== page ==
“We’ve had a lot of success bundling those offerings for beginners, giving them a smaller piece to bite off that might be more digestable than a season-long rental and saying ‘good luck,’ Mahon said.
For its part, Ski Blandford is rolling out beginner packages for between $70 and $80, and all-mountain packages of lift ticket, rentals, and lesson for between $70 and $85, depending on the day of the week — slightly less than at Butternut.
“For us as an industry, and especially at Butternut and soon at Blandford, that’s part of our overall strategy to attract more skiers as opposed to putting up more barriers,” he went on. “Basically, we want to hold their hand as they learn to ski and make it a better experience for them. When people try skiing for the first time, it’s hard. How do you choose equipment? How do you ride a lift? We’re doing our best to break down those barriers and make it affordable for beginners.”
After that, well, the challenge is getting visitors to come back. Several years ago, Ski Butternut undertook an extensive upgrade of its snow-making system to guarantee ski-worthy conditions no matter what kind of winter New England experiences.
“We’re open with or without Mother Nature’s cooperation. That’s the way things go,” Mahon said. “We have great snow-making equipment, and we’ll be updating with the equivalent at Blandford as well — more guns, higher capacity. We’re open hell or high water.”
That said, “it also helps quite a bit to get a bunch of snow,” he conceded. “That’s when people think about skiing. I can send people e-mails and Facebook posts all day, but when a fresh bunch of snow is on their doorstep, that changes people’s mindset toward skiing.”
The typical season brings well over 100 inches of snow, but some are drier. Even in those years, typically the weather will remain cold enough to consistently manufacture snow. Temperatures below 26 degrees are ideal for making snow, because the water that emerges from the nozzles in tiny droplets are almost instantly supercooled to create the best-quality snow.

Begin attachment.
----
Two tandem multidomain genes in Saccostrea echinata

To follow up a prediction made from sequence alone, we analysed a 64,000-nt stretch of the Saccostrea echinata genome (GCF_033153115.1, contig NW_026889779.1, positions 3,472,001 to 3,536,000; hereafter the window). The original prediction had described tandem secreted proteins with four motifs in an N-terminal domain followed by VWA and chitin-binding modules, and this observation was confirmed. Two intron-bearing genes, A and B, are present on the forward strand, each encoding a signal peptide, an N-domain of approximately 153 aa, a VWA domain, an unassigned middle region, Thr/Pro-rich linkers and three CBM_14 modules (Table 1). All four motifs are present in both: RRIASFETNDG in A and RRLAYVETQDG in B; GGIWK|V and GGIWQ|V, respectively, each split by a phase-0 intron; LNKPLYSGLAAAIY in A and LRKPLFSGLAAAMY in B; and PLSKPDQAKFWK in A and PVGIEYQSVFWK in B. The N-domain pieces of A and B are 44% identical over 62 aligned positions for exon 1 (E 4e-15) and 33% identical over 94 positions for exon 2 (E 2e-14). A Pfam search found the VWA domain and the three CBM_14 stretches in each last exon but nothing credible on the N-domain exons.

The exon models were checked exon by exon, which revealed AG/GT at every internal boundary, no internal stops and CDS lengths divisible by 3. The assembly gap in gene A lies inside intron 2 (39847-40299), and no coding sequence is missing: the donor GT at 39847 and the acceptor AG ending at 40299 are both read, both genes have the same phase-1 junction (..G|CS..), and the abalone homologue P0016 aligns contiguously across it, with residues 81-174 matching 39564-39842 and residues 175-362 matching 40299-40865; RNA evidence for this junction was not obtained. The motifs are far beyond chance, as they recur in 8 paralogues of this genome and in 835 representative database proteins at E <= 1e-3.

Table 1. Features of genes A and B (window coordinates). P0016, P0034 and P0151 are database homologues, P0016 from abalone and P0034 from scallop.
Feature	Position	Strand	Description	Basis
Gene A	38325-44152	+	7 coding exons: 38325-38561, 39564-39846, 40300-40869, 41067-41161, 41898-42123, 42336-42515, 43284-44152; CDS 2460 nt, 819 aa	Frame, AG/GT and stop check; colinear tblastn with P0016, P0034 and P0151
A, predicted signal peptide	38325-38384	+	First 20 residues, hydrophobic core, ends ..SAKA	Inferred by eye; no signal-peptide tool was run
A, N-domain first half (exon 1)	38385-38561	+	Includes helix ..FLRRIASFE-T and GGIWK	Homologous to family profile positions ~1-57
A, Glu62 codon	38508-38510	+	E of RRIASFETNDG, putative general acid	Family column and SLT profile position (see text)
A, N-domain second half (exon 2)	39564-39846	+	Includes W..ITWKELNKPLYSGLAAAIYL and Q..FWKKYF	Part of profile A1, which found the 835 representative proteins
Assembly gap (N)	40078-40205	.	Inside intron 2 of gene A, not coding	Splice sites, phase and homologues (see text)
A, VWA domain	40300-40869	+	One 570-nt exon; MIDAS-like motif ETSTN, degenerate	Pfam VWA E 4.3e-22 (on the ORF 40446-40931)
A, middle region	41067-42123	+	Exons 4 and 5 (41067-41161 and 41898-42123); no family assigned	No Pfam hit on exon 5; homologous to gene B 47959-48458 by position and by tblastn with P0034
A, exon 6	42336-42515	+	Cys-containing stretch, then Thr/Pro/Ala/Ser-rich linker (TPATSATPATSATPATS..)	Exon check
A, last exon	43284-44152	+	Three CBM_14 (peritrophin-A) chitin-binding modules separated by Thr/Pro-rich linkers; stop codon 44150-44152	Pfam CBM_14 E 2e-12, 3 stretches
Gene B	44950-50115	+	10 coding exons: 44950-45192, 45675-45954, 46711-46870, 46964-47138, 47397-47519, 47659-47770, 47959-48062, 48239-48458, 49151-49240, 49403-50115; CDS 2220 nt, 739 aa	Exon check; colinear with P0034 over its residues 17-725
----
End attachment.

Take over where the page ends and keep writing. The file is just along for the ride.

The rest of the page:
Beyond the Slopes
Ski Butternut has also done well with its non-skiing activities, such as its popular tubing park, complete with a mechanized lift to keep riders energized for their two-hour sessions.
“Tubing is a different market in some ways,” Mahon said. “Everyone likes tubing, while not everyone skis. So it’s great for families with little kids — something to do for a quick day out.”
Meanwhile, the event calendar features plenty of activities, from race events to wine and beer tastings; from Saturday concerts on the lodge deck to a ‘ski and paint’ day on Jan. 28, which is exactly what it sounds like. In the summer, the mountain stays open to hikers and outdoor enthusiasts, and the resort is also the site of the annual Berkshires Arts Festival.
“Some of these events aren’t necessarily skiing-based events,” he noted. “We want to draw on the local community and give people a good experience so they keep showing up.”
He and the ownership team at Butternut hope for the same at Ski Blandford, which is why Murdoch is investing in painting the lodges, upgrading snow guns and grooming equipment, and, in general, letting people know the resort is on the way back.
“We’re making a lot of improvements over the next couple of years,” Mahon said. “It’s going to get better and better.”
Joseph Bednar can be reached at [email protected]